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Directed by Spike Lee

United States 2000 135 mins. In English

Routinely overshadowed by Lee’s better-known films (Do the Right Thing, She’s Gotta Have It, Malcolm X, et al.), Bamboozled is perhaps his angriest, most overtly scintillating work. Harvard-educated Pierre Delacroix (Damon Wayans), a Black producer working for a large broadcast television network, struggles to come up with the season’s hot new idea—and, after some help from his assistant Sloane Hopkins (Jada Pinkett), stumbles into producing a minstrel show starring street performers Manray (Savion Glover) and Womack (Tommy Davidson) as black performers wearing Blackface and acting in full caricature. The show proves a surprise mainstream hit, to the delight of Delacroix’s racist and money-grubbing boss, but as the accolades roll in, success begins to get the better of Delacroix and Manray, with violent and troubling consequence. Employing a raw, energetic style utilizing grainy digital video in a presciently proto-viral move, this “Under-appreciated and under-seen… major studio work fearlessly explores the corrosive, lasting effects of the racial stereotypes forged in Hollywood’s early days and beyond.”—Ashley Clark, Facing Blackness.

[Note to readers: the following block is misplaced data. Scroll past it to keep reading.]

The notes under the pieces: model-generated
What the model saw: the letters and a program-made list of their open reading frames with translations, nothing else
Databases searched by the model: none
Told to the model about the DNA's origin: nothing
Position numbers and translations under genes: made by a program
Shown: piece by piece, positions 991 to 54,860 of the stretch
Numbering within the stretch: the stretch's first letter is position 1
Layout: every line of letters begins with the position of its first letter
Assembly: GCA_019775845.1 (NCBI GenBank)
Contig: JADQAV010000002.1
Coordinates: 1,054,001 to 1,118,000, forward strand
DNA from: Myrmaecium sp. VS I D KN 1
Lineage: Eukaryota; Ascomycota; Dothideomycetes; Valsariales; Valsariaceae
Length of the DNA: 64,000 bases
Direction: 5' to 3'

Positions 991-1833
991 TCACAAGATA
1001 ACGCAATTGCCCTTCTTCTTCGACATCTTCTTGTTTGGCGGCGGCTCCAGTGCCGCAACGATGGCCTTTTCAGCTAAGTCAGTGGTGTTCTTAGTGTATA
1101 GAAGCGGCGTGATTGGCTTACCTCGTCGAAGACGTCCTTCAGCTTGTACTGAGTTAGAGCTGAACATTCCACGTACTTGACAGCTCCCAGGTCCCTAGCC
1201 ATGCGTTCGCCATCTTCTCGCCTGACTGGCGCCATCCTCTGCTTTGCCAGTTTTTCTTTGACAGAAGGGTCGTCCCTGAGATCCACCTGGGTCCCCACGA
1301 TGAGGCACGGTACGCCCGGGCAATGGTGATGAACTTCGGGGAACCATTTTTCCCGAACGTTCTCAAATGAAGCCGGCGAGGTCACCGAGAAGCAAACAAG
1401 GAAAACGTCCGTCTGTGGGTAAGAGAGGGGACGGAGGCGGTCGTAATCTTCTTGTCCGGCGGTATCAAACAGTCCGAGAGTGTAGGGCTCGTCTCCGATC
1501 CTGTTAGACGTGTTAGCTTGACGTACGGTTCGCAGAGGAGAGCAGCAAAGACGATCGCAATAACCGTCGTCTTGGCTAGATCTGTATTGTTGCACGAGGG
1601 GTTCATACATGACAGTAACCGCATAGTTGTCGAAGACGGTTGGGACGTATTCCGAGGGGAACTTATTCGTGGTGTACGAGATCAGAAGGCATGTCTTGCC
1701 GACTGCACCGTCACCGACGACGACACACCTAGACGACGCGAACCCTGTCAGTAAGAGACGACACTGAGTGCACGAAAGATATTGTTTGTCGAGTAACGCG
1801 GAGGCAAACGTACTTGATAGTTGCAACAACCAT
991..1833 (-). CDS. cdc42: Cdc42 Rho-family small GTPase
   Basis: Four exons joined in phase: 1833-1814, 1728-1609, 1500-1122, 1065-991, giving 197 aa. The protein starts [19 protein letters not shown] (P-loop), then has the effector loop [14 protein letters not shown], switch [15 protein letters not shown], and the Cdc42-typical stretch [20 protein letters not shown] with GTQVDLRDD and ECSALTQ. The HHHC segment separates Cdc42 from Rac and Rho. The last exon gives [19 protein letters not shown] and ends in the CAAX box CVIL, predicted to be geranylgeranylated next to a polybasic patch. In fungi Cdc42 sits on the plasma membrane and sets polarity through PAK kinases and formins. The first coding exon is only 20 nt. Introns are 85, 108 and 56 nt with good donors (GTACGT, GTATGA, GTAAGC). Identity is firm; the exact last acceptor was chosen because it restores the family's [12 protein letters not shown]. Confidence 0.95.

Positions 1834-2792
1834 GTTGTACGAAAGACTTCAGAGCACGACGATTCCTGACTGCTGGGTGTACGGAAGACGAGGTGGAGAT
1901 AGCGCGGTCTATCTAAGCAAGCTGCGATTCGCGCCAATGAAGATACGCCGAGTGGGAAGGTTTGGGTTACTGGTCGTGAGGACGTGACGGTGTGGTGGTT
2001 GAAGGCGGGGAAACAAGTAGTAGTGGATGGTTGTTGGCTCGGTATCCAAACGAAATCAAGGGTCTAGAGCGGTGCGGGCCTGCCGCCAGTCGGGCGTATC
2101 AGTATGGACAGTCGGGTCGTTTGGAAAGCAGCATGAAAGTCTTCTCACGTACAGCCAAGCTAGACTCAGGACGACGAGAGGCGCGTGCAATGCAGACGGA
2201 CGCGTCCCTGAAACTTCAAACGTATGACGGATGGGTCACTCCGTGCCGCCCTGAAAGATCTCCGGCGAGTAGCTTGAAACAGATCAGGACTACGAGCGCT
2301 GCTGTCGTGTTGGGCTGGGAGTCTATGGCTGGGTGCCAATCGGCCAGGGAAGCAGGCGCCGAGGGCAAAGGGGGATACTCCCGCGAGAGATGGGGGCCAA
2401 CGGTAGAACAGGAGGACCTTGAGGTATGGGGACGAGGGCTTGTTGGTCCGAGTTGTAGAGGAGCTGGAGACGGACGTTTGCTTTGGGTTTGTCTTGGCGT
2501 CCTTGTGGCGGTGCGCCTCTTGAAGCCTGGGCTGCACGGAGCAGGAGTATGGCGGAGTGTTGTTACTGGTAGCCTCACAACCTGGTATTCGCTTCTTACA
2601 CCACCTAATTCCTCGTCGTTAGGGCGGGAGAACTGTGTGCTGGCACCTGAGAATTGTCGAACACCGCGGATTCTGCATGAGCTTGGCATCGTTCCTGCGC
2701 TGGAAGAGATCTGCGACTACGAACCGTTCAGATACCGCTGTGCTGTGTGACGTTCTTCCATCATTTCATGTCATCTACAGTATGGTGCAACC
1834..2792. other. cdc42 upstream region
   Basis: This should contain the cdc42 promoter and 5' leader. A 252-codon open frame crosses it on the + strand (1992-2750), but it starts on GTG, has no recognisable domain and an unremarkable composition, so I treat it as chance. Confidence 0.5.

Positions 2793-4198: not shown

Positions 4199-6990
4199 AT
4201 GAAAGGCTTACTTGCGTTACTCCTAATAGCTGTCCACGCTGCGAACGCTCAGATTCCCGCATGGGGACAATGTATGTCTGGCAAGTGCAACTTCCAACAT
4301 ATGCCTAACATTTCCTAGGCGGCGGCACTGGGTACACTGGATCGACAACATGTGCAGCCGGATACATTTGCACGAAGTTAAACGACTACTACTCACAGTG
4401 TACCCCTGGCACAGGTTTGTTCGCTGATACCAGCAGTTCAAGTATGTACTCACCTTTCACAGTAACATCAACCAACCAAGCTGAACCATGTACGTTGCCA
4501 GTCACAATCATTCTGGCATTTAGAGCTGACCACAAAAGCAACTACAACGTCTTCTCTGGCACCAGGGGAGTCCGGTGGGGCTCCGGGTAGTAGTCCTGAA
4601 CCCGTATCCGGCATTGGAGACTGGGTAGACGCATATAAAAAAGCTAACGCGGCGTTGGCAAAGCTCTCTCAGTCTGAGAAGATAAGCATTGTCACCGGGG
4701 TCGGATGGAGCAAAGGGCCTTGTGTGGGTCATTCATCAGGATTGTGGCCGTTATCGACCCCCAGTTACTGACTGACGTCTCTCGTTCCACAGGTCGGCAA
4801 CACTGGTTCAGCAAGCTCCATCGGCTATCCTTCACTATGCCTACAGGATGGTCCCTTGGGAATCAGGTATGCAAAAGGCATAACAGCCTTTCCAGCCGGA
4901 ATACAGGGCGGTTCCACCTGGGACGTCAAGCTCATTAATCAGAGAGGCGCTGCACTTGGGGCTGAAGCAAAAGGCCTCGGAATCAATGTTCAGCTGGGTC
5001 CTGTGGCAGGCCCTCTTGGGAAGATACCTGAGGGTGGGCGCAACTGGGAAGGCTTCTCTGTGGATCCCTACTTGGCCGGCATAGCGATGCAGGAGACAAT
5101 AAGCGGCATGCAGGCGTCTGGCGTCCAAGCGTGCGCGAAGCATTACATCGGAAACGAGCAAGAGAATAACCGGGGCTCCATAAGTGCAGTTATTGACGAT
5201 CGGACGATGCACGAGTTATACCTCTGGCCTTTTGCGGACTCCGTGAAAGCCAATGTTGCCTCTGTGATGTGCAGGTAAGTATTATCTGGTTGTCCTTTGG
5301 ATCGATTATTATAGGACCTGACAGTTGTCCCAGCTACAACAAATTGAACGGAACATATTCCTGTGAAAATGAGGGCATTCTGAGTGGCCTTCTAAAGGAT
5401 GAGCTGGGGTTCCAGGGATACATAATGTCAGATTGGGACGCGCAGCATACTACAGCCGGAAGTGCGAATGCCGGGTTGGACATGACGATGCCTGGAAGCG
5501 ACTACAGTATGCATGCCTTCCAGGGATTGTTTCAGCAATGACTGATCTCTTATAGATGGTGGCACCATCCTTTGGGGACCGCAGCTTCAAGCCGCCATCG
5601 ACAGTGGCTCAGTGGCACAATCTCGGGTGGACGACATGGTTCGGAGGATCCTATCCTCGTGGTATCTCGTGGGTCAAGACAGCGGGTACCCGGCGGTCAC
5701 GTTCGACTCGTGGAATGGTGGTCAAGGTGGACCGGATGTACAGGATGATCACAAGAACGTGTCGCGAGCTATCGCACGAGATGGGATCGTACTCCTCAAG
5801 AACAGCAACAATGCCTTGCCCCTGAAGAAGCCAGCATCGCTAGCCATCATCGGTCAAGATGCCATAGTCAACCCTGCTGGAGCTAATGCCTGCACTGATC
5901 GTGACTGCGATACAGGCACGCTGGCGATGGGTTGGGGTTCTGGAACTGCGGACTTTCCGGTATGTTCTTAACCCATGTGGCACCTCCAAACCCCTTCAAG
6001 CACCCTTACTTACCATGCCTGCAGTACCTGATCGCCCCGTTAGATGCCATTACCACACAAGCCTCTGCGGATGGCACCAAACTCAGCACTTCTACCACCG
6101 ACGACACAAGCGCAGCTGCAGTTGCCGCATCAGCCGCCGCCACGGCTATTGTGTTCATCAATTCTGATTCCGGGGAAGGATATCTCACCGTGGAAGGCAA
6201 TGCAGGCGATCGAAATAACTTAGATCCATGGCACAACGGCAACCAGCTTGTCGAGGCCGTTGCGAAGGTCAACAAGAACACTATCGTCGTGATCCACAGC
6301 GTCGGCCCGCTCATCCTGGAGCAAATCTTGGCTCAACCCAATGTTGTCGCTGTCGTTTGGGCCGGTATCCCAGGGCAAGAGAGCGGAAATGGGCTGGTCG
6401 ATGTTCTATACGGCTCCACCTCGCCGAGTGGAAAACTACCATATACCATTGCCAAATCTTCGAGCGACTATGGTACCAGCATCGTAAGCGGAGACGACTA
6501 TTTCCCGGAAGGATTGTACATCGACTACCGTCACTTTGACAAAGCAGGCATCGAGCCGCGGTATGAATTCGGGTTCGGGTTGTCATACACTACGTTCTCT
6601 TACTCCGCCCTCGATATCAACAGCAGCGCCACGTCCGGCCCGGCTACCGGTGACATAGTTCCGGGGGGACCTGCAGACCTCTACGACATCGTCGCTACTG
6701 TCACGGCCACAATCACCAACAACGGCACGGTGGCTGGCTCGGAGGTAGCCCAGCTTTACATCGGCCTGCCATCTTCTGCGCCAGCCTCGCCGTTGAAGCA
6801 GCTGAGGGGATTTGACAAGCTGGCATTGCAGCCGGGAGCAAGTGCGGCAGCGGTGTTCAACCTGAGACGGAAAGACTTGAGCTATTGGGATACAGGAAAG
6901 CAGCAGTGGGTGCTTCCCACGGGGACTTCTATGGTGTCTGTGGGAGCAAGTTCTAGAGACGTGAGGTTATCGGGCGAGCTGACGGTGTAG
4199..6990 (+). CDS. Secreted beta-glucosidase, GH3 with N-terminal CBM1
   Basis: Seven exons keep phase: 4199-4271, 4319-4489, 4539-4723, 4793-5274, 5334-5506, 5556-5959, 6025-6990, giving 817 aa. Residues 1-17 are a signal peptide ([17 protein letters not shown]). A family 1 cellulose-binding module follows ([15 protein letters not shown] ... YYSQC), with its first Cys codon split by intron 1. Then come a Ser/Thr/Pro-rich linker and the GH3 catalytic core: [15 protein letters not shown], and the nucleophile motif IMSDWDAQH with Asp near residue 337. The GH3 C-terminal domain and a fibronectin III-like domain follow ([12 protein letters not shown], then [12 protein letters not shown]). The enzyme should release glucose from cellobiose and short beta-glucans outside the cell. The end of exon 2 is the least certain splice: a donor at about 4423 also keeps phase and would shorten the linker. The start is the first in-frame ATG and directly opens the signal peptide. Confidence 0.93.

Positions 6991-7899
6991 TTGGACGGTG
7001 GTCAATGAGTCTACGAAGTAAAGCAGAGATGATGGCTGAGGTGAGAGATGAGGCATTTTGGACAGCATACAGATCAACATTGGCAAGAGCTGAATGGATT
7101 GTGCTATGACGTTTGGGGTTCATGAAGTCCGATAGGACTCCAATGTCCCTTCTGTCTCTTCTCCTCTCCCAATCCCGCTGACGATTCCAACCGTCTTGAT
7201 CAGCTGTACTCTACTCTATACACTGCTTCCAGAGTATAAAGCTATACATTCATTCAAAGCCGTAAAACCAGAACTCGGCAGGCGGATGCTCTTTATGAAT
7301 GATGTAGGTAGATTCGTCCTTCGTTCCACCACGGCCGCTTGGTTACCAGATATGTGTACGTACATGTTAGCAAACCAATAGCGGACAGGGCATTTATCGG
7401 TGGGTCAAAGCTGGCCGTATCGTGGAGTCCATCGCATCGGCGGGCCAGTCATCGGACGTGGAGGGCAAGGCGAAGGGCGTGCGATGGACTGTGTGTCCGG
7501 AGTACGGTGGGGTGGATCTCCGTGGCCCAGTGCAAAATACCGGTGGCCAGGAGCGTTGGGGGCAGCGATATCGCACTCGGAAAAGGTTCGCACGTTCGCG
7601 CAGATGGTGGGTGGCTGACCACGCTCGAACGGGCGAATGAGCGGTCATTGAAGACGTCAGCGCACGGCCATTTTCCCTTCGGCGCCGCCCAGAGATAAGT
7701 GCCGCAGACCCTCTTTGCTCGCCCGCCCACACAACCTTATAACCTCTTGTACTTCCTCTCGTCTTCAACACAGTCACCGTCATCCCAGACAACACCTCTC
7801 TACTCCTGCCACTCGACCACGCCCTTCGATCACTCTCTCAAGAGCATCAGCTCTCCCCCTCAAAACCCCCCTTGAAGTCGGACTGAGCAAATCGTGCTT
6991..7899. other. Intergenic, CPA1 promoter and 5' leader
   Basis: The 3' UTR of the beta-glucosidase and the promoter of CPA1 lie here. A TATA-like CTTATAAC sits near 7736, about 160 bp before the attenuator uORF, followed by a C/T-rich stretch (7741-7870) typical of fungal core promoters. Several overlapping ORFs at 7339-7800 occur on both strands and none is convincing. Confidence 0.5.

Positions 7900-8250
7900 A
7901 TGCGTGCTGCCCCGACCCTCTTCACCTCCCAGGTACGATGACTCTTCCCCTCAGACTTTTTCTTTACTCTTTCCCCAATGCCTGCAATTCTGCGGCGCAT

The Northwest Film Center recognizes and honors the Indigenous peoples of this region on whose ancestral lands the museum now stands. These include the Willamette Tumwater, Clackamas, Kathlemet, Molalla, Multnomah and Watlala Chinook Peoples and the Tualatin Kalapuya who today are part of the Confederated Tribes of Grand Ronde, and many other Native communities who made their homes along the Columbia River. We also want to recognize that Portland today is a community of many diverse Native peoples who continue to live and work here. We respectfully acknowledge and honor all Indigenous communities—past, present, future—and are grateful for their ongoing and vibrant presence.